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EnvironmentMaking Constructing Decarbonization Work for LA Renters

Making Constructing Decarbonization Work for LA Renters

Making Constructing Decarbonization Work for LA Renters

A latest UCLA report recommends policies to green existing buildings in a way that protects and supports residential tenants.

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Los Angeles’ ambitious “Green Latest Deal” calls for, amongst other things, eliminating or offsetting constructing emissions and reducing constructing energy use by 44%, each by 2050. That is a powerful and bold goal, and while town has begun restricting some emissions from latest buildings, it remains to be determining learn how to tackle the far tougher task of reducing the emissions and energy use of existing buildings.

The latest policy transient from the Emmett Institute examines the potential impacts such a policy could have on LA’s residential tenants. (The report is inspired by the work of Environmental Law Clinic partner Strategic Actions for a Just Economy.) Individuals who rent their homes deserve special consideration in town’s building-decarbonization policy for several reasons: The majority of LA households rent; renters are disproportionately members of groups which were poorly treated by past housing and environmental policy, including Black, Latino, Asian, Native American, and low-income people; and renters have less control than homeowners over their housing situation and residential environment, since key facets of their lives, from what appliances they will use as to if they will remain of their homes, are sometimes determined by their landlords.

We don’t yet know what town’s building-decarbonization policy will appear like, but any program that meets the Green Latest Deal targets could have potentially immense impacts—good or bad—on LA tenants. For one, major work of the sort that might achieve highly efficient and carbon-neutral buildings can trigger additional rent increases under town’s Rent Stabilization Ordinance, which covers most apartments in town. Those self same retrofits could even result in displacement: either by enabling formal evictions (landlords use government-mandated retrofits to kick out tenants, as seen recently within the Barrington Plaza debacle) or by giving landlords cover to pressure tenants to depart through misinformation or “harassment by construction.” And landlords could have incentive to lift rent or replace tenants with higher-paying ones, due to each the up-front costs of decarbonization work and the increased market value that the newly renovated homes could have.

At the identical time, constructing decarbonization represents an immense opportunity to enhance tenants’ wellbeing. Achieving town’s targets will likely require replacing climate-warming gas appliances with high-efficiency electric ones; improving heating, air-conditioning, and ventilation systems to cut back energy use; and potentially adding on-site electricity generation like rooftop solar. All of those measures could be helpful to tenants that live within the buildings, if done right. The report highlights a number of of those “co-benefits,” though there are numerous more: Appliance switching and increased ventilation can improve indoor air quality, protecting tenant’s health, while energy efficiency and distributed generation can reduce and even eliminate tenants’ energy bills.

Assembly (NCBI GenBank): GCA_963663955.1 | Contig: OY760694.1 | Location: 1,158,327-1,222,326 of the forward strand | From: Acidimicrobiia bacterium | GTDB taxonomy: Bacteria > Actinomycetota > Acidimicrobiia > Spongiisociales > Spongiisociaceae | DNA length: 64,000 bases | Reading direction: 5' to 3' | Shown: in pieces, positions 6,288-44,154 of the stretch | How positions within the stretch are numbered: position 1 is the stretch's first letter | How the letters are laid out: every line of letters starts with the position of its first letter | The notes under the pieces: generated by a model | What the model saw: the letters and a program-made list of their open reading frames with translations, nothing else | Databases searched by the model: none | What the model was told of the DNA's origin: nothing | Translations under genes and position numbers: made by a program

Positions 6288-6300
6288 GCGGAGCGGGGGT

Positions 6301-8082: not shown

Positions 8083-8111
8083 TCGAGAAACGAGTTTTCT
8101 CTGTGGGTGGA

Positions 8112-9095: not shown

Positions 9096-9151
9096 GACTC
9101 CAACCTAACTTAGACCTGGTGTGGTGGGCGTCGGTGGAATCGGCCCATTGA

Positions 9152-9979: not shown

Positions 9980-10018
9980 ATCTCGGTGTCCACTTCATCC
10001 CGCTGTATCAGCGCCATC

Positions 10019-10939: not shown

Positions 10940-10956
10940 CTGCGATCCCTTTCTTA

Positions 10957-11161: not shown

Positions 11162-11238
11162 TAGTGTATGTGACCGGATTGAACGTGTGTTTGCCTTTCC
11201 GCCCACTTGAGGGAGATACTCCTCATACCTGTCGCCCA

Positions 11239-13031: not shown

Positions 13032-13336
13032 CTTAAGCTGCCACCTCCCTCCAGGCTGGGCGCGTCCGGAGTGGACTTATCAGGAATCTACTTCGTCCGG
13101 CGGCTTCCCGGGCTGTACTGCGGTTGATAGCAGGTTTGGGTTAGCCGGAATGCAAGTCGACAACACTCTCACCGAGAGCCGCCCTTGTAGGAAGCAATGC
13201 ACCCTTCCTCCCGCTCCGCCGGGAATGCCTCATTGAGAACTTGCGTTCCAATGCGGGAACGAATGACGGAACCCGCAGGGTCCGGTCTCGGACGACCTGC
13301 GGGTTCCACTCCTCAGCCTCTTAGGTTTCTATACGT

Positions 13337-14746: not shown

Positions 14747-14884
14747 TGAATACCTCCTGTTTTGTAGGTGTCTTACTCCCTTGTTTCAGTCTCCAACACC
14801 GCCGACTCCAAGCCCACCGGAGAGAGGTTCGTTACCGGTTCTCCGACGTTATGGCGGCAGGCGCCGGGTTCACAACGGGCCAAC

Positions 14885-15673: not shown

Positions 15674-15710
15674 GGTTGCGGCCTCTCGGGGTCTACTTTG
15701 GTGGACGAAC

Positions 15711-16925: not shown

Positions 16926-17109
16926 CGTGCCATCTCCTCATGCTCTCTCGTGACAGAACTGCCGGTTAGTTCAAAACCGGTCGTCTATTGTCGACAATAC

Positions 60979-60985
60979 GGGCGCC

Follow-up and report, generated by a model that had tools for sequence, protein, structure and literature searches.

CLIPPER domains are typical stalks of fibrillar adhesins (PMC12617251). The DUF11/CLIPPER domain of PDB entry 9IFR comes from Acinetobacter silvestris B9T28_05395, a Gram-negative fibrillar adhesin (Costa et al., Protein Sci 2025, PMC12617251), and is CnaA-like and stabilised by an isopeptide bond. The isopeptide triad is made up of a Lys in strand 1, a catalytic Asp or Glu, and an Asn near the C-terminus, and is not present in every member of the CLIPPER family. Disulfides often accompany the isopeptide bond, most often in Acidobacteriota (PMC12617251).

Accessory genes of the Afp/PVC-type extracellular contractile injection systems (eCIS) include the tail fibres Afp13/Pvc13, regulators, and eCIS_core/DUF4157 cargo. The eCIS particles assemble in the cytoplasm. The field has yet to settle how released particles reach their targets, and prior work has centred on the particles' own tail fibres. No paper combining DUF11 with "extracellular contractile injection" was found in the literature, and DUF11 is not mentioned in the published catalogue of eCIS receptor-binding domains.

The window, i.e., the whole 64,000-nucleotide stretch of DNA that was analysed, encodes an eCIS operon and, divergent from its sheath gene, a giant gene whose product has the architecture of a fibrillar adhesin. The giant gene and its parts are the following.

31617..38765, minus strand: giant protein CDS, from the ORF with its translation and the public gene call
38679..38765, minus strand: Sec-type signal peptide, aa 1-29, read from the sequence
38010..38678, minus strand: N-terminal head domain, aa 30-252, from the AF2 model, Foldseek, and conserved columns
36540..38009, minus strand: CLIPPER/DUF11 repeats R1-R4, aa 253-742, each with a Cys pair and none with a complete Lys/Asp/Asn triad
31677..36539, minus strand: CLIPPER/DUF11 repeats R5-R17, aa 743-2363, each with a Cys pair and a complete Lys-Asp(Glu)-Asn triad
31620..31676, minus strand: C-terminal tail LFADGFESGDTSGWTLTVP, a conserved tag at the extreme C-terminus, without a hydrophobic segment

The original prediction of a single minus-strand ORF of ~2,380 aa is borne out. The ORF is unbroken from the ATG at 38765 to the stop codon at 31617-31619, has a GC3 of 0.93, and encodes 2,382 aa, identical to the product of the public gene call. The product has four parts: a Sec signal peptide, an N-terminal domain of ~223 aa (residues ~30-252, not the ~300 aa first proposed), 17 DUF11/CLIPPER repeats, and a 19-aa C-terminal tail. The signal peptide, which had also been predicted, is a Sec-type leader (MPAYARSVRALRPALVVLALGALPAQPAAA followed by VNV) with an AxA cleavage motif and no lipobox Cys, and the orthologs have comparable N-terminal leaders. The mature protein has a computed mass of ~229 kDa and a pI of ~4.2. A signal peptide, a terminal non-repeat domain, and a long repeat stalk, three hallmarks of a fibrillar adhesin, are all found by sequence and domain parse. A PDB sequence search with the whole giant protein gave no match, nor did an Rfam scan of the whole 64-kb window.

Securing these co-benefits—and protecting against potential rent increases and evictions—is simply possible with a fastidiously crafted building-decarbonization program. To this end, the report makes eight specific policy recommendations, intended to be applicable to any path town may take to achieving the Green Latest Deal goals:

  • Prevent the prices of decarbonization retrofits from being passed on to rent-stabilized tenants;
  • ­Eliminate provisions within the Los Angeles Municipal Code that allow landlords to evict tenants to be able to renovate their properties;
  • ­Strengthen enforcement and oversight of existing tenant protections;
  • Make any subsidies to landlords conditional on agreements not to lift rents or evict their tenants;
  • Prioritize retrofits that improve tenants’ health and quality of life, resembling appliance electrification and ventilation improvements;
  • ­Be certain that tenants profit from energy savings from energy-efficiency measures and on-site solar (or other distributed generation);
  • ­Create an oversight body with meaningful tenant representation and real power to guide the City’s decarbonization policy; and
  • ­Promote housing models that may higher protect tenants, resembling publicly owned housing, deeply inexpensive deed-restricted housing, and community land trusts.

What town’s existing-building decarbonization program will ultimately appear like remains to be unclear. Town is reportedly expected to have rules in place for decarbonizing existing buildings in some unspecified time in the future this 12 months, but details are sparse. LA’s Climate Emergency Management Office held a series of workshops in partnership with key area people organizations and leaders, culminating in a report released last 12 months. Town’s Department of Buildings and Safety (DBS) has said it’s working on a plan, and has been instructed by the City Council to report on that plan and its impact on low-income residents, but DBS doesn’t appear to have released any public information yet. Hopefully, that plan will think about the impacts on LA renters and adopt policies like those beneficial on this report.

constructing decarbonization, cities, housing, Los Angeles


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